Until that moment, Isodel had wanted to help Titus make things better in the Empire because she knew that it was something that would make him happy. It had not quite occurred to her that in marrying Titus, the Empire had become hers as well.

"No one at all," said Titus, sighing.


Aulus Aulilus knew a farmer who had some ideas on how to improve the Empire's current agricultural system, and General Agricola, when he returned from signing the peace treaty with Luteria, was able to suggest several legionaries who might be quite happy to work behind a desk.

Thus, name by name, little by little, Titus and Isodel created a new government for the Empire.

Titus was quite happy that he no longer had to make all decisions himself, and Isodel was happy because Titus was happy. Aulus Aulilus was happy because when there was something he did not like, he now no longer had to write a letter before anything would be done about it, and General Agricola was happy because the Empire was being governed properly again and also because the long war with Luteria was finally over, which meant he could spend more time at home.

In fact, the only person in the palace who was not perfectly happy was the Imperial Letter Opener, whose office was by now far too small to contain all the letters people kept sending.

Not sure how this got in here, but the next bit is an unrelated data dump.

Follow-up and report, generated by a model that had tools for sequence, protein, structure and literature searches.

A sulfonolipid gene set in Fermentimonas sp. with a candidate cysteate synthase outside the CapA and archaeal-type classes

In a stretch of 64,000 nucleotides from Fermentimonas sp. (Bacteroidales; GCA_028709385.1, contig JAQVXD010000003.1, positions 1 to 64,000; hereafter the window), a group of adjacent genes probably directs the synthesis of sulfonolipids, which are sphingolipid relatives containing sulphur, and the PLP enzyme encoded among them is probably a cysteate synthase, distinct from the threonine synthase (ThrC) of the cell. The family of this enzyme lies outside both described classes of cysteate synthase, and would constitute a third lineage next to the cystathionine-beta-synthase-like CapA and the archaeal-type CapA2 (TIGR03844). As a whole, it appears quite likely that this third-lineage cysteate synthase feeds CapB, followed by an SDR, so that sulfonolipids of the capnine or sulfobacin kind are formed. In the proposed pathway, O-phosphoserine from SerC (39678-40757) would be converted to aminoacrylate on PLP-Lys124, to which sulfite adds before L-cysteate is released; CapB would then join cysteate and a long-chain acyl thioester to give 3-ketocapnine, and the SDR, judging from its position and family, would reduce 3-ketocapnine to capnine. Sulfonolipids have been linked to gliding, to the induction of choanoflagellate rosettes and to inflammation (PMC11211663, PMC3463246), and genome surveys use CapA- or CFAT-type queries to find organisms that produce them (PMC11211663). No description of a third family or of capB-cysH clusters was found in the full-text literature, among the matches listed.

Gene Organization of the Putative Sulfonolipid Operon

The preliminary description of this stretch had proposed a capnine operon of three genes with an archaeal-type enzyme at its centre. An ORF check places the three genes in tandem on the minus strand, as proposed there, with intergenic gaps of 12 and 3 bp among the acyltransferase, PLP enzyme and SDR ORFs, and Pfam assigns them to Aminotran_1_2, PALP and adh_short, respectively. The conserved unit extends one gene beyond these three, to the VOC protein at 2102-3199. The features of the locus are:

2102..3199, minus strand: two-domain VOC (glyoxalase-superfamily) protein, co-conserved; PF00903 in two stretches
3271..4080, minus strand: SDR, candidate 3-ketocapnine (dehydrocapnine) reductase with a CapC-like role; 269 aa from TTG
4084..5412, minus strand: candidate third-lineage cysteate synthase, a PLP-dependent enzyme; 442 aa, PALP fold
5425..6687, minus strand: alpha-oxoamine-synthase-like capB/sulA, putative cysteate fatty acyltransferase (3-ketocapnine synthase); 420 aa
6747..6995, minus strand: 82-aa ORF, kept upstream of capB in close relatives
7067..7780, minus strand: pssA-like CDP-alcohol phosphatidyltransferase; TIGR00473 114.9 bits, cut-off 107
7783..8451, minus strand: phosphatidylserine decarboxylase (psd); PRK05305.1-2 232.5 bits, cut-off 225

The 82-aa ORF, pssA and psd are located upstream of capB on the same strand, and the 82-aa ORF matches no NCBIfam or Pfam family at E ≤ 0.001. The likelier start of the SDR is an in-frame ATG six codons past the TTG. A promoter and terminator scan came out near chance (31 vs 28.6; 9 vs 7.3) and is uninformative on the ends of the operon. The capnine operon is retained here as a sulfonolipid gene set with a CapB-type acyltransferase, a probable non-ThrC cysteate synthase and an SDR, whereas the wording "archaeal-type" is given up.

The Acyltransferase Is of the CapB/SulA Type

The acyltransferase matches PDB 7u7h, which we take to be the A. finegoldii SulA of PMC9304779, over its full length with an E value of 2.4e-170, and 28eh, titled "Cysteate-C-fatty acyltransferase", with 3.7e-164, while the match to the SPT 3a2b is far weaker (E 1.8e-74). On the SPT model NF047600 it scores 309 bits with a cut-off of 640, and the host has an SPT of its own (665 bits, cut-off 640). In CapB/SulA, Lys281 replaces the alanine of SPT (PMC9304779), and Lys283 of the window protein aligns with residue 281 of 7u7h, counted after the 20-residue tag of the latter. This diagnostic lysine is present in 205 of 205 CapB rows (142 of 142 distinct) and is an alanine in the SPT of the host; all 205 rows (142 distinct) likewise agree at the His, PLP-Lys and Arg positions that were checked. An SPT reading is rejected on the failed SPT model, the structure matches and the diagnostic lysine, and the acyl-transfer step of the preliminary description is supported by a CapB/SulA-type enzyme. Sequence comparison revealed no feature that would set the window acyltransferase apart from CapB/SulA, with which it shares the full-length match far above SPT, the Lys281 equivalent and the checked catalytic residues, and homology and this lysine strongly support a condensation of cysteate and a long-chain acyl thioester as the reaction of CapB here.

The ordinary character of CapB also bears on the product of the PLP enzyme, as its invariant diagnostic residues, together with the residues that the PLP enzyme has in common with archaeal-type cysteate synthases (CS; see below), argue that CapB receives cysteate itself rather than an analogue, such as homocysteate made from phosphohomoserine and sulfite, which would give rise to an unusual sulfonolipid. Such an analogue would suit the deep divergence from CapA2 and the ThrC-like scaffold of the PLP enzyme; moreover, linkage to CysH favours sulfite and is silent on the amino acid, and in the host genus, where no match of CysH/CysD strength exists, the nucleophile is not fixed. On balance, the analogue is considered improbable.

Titus was still angry with the Senate for how they had treated Claudia. He knew that perhaps not all of them had agreed with the plan to have Claudia removed from the University to be murdered, but he also knew that none of them had come to him to tell him about it. As far as he was concerned, that meant all of them were responsible. The fact that the plan had failed did not matter.

"Perhaps you could fine them," said Isodel. She understood Titus's anger, but she also felt that it would not benefit anyone very much to keep the senators locked up forever. Keeping them in prison cost the Empire money, and while the Empire was not as poor as Luteria had been, Isodel could not approve of spending money on something that wasn't needed.

"Money will not make up for what they have done," said Titus. "Besides, they and their families are so rich, no matter how high I set the fine, it won't impress them in the least. In fact, if I fine them, they'll probably think that was my plan along. They'll think that it wasn't about Claudia at all."

Isodel saw how that would never do. The senators had to be taught a lesson. They had to come out of prison knowing exactly why Titus had put them there.